Sixty million households have ordered free COVID-19 tests from the federal government since the Biden administration launched COVIDtests.gov last week, White House principal deputy press secretary Karine Jean-Pierre said Friday.
The website is part of the administrationâ€™s effort to make 1 billion rapid tests available as the highly contagious omicron variant continues to surge around the country. Americans are allowed to request four tests per household, which are supposed to be mailed by the Postal Service within seven to 12 days of ordering.
Tens of millions of tests have been shipped, Jean-Pierre said. Many have already arrived.
Among Americans who tried to get an at-home test over the past month, 6 in 10 said one was difficult to find, according to a survey released Thursday by the Kaiser Family Foundation, a nonpartisan health research organization.
Four in ten blamed President Joe Biden and test manufacturers for the limited availability. Slightly more said the Food and Drug Administration deserves at least a fair amount of blame. The Jan. 11-23 survey was still being conducted when Biden announced mid-month that free tests would be coming.
â€” Maureen Groppe
The government’s main health agency is failing to meet its responsibilities for leading the national response to public health emergencies includingÂ the coronavirus pandemic,Â extreme weather disastersÂ and even potential bioterrorist attacks, a federal watchdog said Thursday.
The nonpartisan Government Accountability Office said it is designating the Health and Human Services Department’s leadership and coordination of public health emergencies as a â€œhigh riskâ€ area for the governmentÂ signaling to Congress that lawmakers need to pay special attention to the agencyâ€™s operations.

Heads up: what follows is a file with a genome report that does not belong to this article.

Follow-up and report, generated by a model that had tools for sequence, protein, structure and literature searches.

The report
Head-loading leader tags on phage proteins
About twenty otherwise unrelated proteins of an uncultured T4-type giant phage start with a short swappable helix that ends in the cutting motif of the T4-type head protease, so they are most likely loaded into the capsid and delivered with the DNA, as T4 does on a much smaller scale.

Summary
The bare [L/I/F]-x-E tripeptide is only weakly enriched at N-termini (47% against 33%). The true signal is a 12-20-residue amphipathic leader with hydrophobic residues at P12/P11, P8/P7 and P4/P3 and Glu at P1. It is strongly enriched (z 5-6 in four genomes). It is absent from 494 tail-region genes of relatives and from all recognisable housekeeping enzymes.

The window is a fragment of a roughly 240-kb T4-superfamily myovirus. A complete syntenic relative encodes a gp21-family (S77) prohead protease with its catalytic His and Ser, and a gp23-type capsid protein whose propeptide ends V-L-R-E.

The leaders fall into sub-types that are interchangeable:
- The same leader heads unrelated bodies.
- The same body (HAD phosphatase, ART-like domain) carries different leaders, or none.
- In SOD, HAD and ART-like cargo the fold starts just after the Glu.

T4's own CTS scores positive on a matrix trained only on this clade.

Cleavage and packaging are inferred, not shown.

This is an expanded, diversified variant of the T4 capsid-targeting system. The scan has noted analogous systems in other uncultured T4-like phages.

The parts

Long-standing â€œpersistent deficienciesâ€ at HHS â€œhave hindered the nationâ€™s response to the current COVID-19 pandemic and a variety of past threats,â€Â the GAO said in its report.
The shortfalls include managingÂ the medical supply chain, coordinating with federal and state agencies and providing clear and consistent communication to the public and the health care community, the GAO said.
â€” The Associated Press
The Food and Drug Administration pulled its authorization of two of the most used monoclonal antibodies to treatÂ COVID-19 this week, leaving doctors with fewer options to help theirÂ patients avoid the hospital.
Why did the FDA shut them down?Â Because the two, from drugmakers Regeneron and Eli Lilly, don’t work against the omicron variant thatÂ now causes more than 99%Â of coronavirus infections in the United States.
“All the data show that these older antibodies are ineffective against omicron,” said Dr. Daniel Kuritzkes, chief of the division of infectious diseases at Brigham and Women’s Hospital in Boston.
It was clear that forÂ patients with omicron infections the monoclonals wereÂ “doing nothing,” said Dr. Eric Topol, founder and director of the Scripps Research Translational Institute in La Jolla, California. “There’s overpowering data (that these) monoclonals are unable to bind to omicron,” he added.Â
â€” Karen Weintraub, USA TODAY
Contributing: The Associated Press